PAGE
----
Brown wants most public services offered online only

Gordon Brown

The Prime Minister has announced plans to make most public services only available online in the coming years, although it is not the full commitment desired by his appointed Champion for Digital inclusion.

In a speech yesterday at the Royal Society, Gordon Brown said that he planned to "shift the great majority of our large transactional services to become online only" over the next five years after consultation with Martha Lane Fox.

The first services to shift in 2010 will be student loans, jobseekers' allowance, working tax credits and child benefit. In 2011, VAT returns and employer tax returns will also go online.

Brown is clearly an advocate of the move to online services, announcing further funding of 30 million to get another one million people online by 2012 - not least because of the potential cost savings.

"[Going online only] has the potential to save as a first step 400 million but as transaction after transaction goes on line billions more," he said.

Lane Fox told IT PRO: "I welcome the news of the Prime Minister's plan to provide an extra 30 million in funding to UK online centres to help at least one million of [the digitally excluded] to get online."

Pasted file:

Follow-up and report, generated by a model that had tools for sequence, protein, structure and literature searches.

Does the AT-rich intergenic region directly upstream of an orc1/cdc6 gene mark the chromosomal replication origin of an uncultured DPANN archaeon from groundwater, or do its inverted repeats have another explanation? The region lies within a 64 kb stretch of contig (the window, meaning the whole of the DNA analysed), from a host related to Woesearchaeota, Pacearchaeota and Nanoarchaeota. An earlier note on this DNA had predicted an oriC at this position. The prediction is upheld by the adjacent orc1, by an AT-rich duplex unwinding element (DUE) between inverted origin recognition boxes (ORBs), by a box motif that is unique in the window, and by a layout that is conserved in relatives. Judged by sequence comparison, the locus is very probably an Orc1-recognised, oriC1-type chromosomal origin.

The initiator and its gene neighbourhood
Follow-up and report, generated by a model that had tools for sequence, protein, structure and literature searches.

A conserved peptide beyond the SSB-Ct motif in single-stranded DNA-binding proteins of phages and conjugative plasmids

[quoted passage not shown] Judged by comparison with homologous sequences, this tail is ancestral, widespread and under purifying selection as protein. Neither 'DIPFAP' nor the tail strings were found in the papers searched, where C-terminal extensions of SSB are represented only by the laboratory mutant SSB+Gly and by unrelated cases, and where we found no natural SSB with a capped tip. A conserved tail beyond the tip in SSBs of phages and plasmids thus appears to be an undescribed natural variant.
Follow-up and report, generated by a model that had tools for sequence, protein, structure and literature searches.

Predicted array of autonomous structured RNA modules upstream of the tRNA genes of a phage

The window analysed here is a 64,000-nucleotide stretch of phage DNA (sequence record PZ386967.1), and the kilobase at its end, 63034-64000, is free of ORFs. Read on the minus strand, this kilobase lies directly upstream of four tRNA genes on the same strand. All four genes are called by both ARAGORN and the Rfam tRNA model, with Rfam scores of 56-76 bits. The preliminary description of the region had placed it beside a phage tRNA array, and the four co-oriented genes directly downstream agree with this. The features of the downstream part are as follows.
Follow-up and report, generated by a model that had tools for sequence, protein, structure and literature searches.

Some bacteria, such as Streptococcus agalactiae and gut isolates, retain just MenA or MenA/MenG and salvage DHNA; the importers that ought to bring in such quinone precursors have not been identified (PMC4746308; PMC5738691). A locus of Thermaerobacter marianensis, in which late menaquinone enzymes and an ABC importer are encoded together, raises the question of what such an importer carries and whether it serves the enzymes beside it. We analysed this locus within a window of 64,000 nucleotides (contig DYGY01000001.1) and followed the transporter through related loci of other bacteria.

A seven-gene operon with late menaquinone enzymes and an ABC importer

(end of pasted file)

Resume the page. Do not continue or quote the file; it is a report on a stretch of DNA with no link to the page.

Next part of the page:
However, in a speech delivered by Lane Fox at the Royal Geographical Society earlier this month, she called for all services go online to help push the 10 million people not using the internet to try it out.

"I think that shutting down services would be the bet way of carrying through the most amount of people, as long as it is carried through with training," she said.

Brown also referred to work he had done alongside Sir Tim Berners-Lee in his speech to help "make public data public." The Prime Minister plans on making databases available online from central government, local councils, the NHS, police and education authorities.

"Releasing data can and must unleash the innovation and entrepreneurship at which Britain excels - one of the most powerful forces of change we can harness," he said.

Jennifer Scott

Jennifer Scott is a former freelance journalist and currently political reporter for Sky News. She has a varied writing history, having started her career at Dennis Publishing, working in various roles across its business technology titles, including ITPro. Jennifer has specialised in a number of areas over the years and has produced a wealth of content for ITPro, focusing largely on data storage, networking, cloud computing, and telecommunications.

Most recently Jennifer has turned her skills to the political sphere and broadcast journalism, where she has worked for the BBC as a political reporter, before moving to Sky News.